Three quarters of the way through, a farmer jumped up and yelled, “Get the tar and feathers.” Pandemonium broke out. People rushed for the door. People climbing over the benches knocked them over. On one of the wagons there was a metal tub full of tar and some bags of chicken feathers. People were jammed in the door. A few men, unable to get outside, after milling about for a few moments, turned and charged the stage.

Before he’d started reading, Laxness had checked the back door to be sure it was unlocked. He’d had unappreciative audiences before. When the farmer jumped up and yelled, “Get the tar and feathers,” Laxness bolted for the door, his driver behind him. Because of the rain, the door had swollen and it jammed.  However, they both got out and his driver held the door shut. Their car was parked at the front of the hall. It was a strategic mistake. It would have been better to have parked at the back with the car pointed to the road but Laxness had wanted to make a grand entrance. Laxness sloshed his way across the yard to the road that led out of town. It was pitch black, rain was pouring down. Lightning lit up the sky.

The farmers at the back door, frustrated at being unable to get it open, turned and ran to the front door just as the tub of tar and the sacks of feathers were being brought in. They collided with the group coming in. The tub went flying, the tar rose up in a black wave, drenching everyone in its path. Trying to avoid the tar, people tripped over the benches. Others slipped in the tar. Chicken feathers filled the air. Some women who were knocked over started screaming as they lay on the floor. Those inside were yelling stop, stop but it did no good. The crowd coming in the front door kept forcing its way in, pushing people backwards so more tripped over the benches and fell onto the tar.

“He’s outside,” one of the men who had been on the stage shouted and the crowd turned back toward the front door and, slipping and sliding in the tar, staggered and tripped down the front steps. A bolt of lightning revealed Laxness slogging down the mud road. “He’s there,” someone shouted but the next moment all was darkness.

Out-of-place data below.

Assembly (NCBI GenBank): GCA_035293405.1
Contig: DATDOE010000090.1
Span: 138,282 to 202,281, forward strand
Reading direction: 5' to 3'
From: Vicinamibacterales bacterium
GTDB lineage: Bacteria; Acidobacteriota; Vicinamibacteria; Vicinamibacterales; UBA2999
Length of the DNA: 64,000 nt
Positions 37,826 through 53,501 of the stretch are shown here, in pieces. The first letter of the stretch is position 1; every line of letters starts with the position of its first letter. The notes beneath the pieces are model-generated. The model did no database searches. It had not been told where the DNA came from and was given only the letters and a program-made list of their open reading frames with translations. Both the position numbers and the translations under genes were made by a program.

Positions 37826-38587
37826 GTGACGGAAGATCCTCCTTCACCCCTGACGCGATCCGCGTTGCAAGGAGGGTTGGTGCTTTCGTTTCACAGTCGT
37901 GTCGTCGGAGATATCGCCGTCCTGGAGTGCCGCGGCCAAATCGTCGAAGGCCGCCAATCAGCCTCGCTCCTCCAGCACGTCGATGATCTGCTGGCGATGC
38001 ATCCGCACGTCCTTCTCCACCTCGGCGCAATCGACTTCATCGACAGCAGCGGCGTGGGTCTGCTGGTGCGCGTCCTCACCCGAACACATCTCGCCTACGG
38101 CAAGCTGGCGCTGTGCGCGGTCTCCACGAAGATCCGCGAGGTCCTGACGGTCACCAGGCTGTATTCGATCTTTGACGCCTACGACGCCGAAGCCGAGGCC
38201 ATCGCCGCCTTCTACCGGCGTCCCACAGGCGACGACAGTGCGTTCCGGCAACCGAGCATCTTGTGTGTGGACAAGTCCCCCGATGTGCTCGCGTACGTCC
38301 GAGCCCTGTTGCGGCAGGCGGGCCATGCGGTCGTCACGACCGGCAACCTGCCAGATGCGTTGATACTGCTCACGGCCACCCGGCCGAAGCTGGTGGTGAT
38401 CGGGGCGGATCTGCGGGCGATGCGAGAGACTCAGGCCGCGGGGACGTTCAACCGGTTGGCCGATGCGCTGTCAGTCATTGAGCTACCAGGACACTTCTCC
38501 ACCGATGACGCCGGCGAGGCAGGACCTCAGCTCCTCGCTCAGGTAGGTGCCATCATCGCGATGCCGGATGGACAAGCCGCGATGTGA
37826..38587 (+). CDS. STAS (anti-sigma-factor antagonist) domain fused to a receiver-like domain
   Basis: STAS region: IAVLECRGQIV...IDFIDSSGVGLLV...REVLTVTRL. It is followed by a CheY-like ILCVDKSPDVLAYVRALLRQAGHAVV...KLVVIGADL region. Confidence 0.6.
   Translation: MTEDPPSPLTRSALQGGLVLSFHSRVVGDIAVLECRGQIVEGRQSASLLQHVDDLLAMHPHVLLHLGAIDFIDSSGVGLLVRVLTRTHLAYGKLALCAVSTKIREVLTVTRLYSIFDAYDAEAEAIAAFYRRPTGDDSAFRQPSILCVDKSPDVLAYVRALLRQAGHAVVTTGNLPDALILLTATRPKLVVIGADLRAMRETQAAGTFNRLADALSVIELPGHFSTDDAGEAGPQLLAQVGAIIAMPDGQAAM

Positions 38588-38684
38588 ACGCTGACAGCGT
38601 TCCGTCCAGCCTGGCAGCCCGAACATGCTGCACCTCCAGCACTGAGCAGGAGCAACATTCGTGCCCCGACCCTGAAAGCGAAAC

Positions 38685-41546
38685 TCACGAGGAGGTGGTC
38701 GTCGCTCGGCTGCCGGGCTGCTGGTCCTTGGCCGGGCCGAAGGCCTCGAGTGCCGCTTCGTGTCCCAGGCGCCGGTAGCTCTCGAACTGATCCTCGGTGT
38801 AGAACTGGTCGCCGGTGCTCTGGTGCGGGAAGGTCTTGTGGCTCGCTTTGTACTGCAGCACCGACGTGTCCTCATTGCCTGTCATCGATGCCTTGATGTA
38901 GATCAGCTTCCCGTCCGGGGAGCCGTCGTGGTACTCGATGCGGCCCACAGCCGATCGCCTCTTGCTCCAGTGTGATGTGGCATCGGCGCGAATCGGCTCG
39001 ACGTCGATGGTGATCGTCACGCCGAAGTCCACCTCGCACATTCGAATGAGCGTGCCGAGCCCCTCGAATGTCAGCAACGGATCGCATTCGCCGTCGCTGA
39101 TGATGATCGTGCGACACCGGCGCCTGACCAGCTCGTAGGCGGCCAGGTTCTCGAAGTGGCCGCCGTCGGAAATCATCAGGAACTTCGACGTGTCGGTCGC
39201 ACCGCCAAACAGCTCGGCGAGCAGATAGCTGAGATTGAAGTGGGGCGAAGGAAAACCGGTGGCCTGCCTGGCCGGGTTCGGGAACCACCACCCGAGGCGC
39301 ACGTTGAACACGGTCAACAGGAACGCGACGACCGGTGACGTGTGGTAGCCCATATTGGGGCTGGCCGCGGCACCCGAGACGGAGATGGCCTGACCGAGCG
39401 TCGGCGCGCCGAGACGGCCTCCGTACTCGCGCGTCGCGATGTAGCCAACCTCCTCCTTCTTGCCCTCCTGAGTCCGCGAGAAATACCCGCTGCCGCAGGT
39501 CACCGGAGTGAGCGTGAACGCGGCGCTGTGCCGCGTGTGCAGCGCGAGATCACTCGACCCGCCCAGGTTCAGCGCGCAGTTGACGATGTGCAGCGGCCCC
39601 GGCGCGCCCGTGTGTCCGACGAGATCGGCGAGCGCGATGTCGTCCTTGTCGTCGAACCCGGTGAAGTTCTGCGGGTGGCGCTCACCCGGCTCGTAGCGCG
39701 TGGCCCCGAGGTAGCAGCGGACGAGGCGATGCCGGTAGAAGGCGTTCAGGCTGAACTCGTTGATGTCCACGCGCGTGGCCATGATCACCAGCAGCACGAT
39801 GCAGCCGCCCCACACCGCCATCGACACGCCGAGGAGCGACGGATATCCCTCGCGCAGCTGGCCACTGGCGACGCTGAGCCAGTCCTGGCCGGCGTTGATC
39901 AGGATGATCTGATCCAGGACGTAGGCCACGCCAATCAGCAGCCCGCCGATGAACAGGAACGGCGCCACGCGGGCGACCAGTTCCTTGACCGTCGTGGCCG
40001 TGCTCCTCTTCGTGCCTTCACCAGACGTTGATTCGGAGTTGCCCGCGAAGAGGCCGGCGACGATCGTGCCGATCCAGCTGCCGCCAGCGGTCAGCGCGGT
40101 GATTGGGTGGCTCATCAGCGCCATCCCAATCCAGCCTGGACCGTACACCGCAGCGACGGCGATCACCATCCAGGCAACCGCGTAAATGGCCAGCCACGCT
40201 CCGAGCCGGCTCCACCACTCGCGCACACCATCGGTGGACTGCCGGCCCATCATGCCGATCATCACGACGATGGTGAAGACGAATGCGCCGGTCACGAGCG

A group of men waded through the water and mud and started along the road. Another bolt of lightning showed them Laxness struggling through the wet clay. Running was impossible. Manitoba clay clung to everything. Feet came up with a sucking sound. Men tripped in the ruts and fell and had a devil of a time to get up.  Some farmers had brought torches. They lit them and joined the others on the road. A few had taken pitchforks from their wagons.

“Put those down,” Gisur from Geyser yelled. “You’ll kill somebody.”

It was true. The men with the pitchforks were waving them wildly as they tried to keep their balance

There’d been enough time for the farmers to gather. With the aid of the torches that burned for a while in spite of the rain, they started out as a group. Lightening revealed Laxness well ahead of them but not so far that they couldn’t catch him. However, with the tar spread over the floor of the hall and over a good many of the audience and the women who’d rolled in the tar then been covered with the feathers, what good catching him would do was unclear. Still, the blood lust of the hunt was up.

The race was in slow motion. The clay clung to farmer’s feet until the pursuers were lifting large, heavy clumps of mud. They sank up to their ankles and when they pulled their feet up, their shoes stayed behind. Boots remained in place so that the owners walked out of them, then sank into the mud in their sock feet. Instead of making progress, more and more of the pursuers were demanding that those with torches come and help them find their shoes. Still, the pursuit continued. There were lightning bolts and thunder overhead. With each bolt of lightning, they could see Laxness and the fact that he wasn’t moving any faster than they were.  Sometimes, he had to put both hands under a leg to pull his foot out of the mud. Then the lightning stopped for a bit. When another bolt struck, Laxness was nowhere to be seen. The crowd surged forward, first shoeless, then sockless as the mud first took shoes, then socks. The clay didn’t stick as much to bare feet so those with one shoe and sock lost took the others off. Those with torches still lit, led the way.

Laxness, for his part, had reached the bridge at the edge of town. His shoes had been tightly laced so he still had them but they would never be the same. He was exhausted from lifting feet three times their normal size. When he came to the bridge, he slid down the embankment of the Icelandic River, then crawled along until he was well under the bridge. Overhead, he heard the farmers yelling and cursing. There had been the danger that someone might look under the bridge but, by then, all the torches had been doused by the rain.

Laxness lay there, his heart pounding, his breath rasping in his chest, waiting until he was certain that all his pursuers had left. He could hear their departing vehicles crossing the bridge.  Then he crawled back onto the bank and up to the road.  In an attempt to get the mud off, he first stood under a small waterfall where a ditch emptied into the river.

When he got back to the car, his driver was waiting for him. Laxness opened the back door and threw himself inside.

“Would you like some coffee?” the driver asked.